If you know the number of elements in advance, then you can preallocate an array and it will be more efficient then either a vector or a linked list.
If you don't know the number of elements in advance, then you have to use either a vector or a linked list. The vector is more efficient because you can store the elements contiguously in memory rather than linking them using pointers.
If elements are inserted in random order, then you can use a binary search tree since on average the tree will be balanced and the operations will require O(log n) time. Although binary search trees and AVL trees have the same Big O running time, binary search trees are faster when the trees are naturally balanced since they do not waste time on either checking for balance or rebalancing the tree.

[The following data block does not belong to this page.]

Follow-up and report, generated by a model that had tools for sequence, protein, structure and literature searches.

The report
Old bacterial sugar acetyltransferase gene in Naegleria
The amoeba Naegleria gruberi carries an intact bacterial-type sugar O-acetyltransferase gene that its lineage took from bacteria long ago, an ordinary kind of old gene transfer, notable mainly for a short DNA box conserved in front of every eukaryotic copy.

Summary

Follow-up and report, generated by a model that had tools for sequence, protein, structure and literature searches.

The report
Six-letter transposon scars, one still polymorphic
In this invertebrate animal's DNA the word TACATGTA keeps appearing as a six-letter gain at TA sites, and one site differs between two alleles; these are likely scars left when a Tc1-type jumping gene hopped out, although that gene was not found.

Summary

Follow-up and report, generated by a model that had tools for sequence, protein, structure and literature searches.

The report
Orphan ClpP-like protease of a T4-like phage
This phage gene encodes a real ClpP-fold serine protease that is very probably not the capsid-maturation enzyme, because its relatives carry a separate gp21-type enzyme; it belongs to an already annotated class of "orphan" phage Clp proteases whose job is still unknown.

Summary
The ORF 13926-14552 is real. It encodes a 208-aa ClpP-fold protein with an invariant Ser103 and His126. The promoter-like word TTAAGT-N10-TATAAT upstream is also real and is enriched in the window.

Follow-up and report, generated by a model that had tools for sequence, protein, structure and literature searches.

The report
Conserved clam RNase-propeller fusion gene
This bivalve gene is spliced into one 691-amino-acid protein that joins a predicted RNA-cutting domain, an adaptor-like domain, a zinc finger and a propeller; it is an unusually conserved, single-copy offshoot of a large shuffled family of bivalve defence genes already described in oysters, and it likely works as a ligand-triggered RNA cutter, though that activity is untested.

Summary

If the keys are inserted in a nearly sorted order, then a binary search tree is likely to be lopsided and have its worst case running time of O(n) for insert, delete, and find. In this case we need to use an AVL tree to rebalance the tree after each insertion in order to guarantee an O(log n) running time.
When 375 gets inserted into the tree, it gets inserted into the leaf node containing the keys 325, 350, 400, and 425. Since the Btree is of order 5, nodes can only hold 4 children. Hence we must split the leaf node and promote the middle element, which is 375, to the parent node. When we promote 375 to the parent node, it also overflows and must be split in two. We promote the middle element, which is 450, and it becomes the new root of the tree. The new tree is shown below: